Protesters marched through Washington, D.C., on Tuesday night, despite facing the threat of violence from local and federal law enforcement officials and military police officers deployed by the Trump administration in an overwhelming show of force meant to stamp out demonstrations against police brutality and racism.
In downtown Washington, a new law enforcement agency or military vehicle was around every corner. Military police officers outfitted for a war zone lined up in front of the Lincoln Memorial. Attorney General William Barr promised “even greater law enforcement resources and support” in the District of Columbia on Tuesday, the day after he ordered law enforcement officers to use projectiles and pepper spray to clear protesters from a space near the White House so that President Donald Trump could walk to a nearby church to have his photo taken holding a Bible.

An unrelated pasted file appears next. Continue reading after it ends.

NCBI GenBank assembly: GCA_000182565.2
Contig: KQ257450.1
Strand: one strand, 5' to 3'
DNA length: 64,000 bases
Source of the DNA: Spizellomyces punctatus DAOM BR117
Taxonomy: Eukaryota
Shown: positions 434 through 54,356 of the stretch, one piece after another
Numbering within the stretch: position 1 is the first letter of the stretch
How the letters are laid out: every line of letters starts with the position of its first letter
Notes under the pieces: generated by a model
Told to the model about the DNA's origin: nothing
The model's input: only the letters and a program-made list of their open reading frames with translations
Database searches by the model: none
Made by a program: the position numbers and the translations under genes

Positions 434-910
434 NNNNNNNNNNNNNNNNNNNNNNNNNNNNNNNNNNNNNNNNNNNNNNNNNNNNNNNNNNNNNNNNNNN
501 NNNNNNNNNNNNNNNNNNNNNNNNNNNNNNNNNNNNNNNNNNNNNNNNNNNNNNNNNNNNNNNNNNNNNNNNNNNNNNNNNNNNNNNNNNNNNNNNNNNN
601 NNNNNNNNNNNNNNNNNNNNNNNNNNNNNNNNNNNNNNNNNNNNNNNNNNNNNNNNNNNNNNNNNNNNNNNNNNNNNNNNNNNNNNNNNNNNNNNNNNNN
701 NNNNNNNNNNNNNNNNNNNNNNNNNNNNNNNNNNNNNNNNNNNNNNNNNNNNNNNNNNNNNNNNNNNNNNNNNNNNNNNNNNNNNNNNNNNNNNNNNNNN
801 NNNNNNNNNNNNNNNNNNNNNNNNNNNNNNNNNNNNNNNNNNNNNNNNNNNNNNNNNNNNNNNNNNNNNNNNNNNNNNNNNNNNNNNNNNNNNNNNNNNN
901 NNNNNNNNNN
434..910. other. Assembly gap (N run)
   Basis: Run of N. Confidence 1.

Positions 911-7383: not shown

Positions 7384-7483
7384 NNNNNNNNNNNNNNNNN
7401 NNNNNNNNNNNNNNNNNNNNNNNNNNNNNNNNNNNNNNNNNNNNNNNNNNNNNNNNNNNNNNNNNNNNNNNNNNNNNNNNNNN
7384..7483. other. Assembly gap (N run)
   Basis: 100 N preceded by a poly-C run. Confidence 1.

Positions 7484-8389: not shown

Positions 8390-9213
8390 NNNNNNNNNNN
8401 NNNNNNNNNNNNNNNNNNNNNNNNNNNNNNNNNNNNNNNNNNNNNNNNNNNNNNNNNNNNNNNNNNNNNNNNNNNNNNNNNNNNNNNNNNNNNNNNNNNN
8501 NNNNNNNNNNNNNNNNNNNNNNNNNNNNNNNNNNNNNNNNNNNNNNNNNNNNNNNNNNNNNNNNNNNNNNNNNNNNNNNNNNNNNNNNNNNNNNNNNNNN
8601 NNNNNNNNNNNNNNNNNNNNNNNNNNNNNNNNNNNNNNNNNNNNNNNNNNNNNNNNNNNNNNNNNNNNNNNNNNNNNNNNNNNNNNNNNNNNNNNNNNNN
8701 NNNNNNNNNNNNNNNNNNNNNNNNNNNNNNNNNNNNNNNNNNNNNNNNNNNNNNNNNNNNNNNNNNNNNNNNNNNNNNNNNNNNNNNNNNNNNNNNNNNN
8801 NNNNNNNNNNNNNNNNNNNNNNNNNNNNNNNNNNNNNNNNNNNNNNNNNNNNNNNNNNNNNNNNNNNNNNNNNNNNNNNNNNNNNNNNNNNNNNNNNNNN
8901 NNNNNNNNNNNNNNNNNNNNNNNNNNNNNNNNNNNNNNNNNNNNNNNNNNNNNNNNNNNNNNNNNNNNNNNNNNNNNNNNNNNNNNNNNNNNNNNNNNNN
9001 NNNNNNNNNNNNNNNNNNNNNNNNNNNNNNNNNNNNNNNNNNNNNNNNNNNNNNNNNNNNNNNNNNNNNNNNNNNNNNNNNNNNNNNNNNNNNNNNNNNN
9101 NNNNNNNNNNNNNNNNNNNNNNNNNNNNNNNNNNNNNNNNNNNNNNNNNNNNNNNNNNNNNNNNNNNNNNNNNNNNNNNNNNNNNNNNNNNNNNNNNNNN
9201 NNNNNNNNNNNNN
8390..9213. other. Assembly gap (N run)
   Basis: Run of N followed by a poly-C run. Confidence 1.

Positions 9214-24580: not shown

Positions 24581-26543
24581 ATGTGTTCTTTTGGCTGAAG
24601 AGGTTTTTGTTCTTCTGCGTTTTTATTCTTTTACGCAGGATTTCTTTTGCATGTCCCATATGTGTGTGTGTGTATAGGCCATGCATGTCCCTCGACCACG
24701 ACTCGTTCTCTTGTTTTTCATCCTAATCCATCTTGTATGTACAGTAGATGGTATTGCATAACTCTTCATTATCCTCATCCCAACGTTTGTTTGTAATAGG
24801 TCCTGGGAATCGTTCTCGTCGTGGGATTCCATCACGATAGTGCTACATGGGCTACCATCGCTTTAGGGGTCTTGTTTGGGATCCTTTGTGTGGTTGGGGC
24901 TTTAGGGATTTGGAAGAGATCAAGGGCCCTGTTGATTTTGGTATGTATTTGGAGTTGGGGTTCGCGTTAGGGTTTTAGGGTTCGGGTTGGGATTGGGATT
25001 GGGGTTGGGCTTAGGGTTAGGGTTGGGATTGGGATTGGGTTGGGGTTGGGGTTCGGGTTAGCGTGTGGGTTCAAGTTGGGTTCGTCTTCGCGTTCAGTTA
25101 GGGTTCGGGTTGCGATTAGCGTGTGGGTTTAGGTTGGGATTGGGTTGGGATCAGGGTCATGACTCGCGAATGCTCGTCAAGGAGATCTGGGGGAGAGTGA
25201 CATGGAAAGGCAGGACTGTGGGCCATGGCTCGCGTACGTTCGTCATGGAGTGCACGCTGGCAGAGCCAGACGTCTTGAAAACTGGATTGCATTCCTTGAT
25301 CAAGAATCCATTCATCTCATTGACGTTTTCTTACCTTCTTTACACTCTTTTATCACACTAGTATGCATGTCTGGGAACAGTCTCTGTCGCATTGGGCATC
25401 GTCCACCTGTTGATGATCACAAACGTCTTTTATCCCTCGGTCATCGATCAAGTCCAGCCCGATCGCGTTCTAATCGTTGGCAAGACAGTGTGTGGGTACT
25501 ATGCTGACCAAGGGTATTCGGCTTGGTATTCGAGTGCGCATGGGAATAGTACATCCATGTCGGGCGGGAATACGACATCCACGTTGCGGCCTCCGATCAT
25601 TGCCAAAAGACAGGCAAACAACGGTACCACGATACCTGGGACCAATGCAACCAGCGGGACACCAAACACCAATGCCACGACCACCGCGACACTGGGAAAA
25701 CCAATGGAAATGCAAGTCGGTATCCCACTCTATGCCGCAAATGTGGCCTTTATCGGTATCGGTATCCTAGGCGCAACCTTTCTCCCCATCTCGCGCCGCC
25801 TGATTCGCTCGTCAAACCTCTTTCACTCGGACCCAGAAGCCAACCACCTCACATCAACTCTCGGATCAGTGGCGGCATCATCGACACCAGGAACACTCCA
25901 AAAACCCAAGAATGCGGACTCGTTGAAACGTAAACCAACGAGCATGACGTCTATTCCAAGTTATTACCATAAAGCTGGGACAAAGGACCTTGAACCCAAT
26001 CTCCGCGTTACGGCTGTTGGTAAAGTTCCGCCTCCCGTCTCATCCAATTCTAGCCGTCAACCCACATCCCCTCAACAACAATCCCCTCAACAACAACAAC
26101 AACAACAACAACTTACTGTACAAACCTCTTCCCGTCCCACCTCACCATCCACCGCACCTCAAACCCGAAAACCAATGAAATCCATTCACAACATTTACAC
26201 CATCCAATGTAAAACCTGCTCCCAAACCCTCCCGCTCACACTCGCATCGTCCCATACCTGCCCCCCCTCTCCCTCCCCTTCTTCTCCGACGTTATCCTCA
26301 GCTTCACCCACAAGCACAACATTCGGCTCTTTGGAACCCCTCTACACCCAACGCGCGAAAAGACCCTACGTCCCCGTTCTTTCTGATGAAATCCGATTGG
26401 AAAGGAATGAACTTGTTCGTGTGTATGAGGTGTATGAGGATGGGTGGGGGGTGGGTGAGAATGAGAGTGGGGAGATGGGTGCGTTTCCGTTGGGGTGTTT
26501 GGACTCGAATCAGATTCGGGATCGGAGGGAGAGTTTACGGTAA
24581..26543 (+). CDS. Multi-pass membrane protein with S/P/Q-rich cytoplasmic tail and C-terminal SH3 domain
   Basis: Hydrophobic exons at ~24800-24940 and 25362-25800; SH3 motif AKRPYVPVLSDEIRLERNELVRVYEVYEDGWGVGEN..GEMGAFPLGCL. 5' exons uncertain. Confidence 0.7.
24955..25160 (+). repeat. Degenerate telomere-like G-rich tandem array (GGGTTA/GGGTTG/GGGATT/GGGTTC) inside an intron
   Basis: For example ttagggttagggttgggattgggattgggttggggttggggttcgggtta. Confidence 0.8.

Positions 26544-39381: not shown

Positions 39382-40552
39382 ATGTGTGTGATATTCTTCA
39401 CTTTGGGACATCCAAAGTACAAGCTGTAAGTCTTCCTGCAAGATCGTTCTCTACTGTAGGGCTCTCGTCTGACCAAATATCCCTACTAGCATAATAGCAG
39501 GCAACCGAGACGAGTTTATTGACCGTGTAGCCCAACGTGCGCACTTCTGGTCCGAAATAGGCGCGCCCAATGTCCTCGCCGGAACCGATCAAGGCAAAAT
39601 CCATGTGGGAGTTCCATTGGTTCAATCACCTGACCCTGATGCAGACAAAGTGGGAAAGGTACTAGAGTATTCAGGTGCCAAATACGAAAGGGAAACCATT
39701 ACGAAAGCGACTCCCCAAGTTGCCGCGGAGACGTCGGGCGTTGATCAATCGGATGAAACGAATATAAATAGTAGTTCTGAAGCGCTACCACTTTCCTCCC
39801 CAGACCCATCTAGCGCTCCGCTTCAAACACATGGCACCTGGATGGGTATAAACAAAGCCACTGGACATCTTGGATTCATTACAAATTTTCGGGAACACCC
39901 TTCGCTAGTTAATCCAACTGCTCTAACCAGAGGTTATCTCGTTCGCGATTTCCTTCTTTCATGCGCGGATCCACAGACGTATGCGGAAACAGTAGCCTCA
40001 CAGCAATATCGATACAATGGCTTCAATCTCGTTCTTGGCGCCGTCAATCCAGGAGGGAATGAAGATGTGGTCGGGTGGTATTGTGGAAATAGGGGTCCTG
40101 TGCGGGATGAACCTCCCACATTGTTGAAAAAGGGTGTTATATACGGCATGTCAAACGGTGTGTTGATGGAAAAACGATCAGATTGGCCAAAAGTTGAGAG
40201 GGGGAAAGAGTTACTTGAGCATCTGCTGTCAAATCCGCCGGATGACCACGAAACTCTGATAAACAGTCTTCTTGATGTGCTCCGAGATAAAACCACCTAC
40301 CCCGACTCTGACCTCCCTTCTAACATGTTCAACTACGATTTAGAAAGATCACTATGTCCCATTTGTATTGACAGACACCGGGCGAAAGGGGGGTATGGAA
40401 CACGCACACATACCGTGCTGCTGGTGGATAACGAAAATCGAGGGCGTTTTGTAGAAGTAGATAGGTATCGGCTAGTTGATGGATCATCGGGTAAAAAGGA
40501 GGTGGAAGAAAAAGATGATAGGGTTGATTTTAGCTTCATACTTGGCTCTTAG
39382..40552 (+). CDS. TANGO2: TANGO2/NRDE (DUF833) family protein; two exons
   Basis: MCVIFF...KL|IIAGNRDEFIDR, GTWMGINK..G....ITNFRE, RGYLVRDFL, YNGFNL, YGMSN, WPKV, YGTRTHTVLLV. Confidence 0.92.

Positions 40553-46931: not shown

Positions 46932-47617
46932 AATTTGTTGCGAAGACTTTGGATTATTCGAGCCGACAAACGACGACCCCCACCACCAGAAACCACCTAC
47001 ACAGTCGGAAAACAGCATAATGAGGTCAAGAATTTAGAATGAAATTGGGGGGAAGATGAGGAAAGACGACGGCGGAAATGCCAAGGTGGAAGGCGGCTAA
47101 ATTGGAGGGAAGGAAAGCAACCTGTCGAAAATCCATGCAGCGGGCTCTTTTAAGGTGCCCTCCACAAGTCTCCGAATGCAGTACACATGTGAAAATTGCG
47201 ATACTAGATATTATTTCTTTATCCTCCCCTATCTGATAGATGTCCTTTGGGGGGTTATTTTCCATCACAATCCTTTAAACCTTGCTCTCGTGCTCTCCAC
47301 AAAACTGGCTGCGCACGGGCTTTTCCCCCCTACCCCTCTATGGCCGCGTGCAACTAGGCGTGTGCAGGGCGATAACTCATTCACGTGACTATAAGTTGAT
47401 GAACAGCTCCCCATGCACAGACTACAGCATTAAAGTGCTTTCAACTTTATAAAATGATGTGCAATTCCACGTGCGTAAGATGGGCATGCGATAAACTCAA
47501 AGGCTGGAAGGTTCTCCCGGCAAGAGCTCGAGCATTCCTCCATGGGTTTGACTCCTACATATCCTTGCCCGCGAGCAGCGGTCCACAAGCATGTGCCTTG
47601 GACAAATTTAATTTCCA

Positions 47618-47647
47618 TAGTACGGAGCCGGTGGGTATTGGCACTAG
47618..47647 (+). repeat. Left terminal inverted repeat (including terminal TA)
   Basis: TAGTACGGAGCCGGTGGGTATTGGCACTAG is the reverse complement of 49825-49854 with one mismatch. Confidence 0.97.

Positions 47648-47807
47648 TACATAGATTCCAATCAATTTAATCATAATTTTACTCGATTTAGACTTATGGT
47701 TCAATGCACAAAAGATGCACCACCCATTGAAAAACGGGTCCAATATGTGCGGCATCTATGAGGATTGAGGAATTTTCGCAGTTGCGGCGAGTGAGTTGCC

Members of the D.C. National Guard directed traffic, their Humvees stationed nearby. Department of Homeland Security police formed a line near the Veterans Affairs Building. Drug Enforcement Administration agents were posted on street corners. Uniformed members of the armed services sat in military vehicles near the National Museum of African American History and Culture. Border Patrol officers and U.S. Customs agents were stationed near the Ronald Reagan Building, and men who called themselves “assets of DOJ” or with “the federal government” were posted near the Justice Department and FBI building.
But thousands turned out anyway to bring attention to the death of George Floyd, a 46-year-old Black man killed last week by a Minneapolis police officer who knelt on his neck for nearly nine minutes, even as he pleaded that he could not breathe, and to the many, many other Black people killed by police. The protests weren’t suppressed, in spite of scare tactics.
Demonstrators streamed en masse toward downtown, some of them chanting Floyd’s name.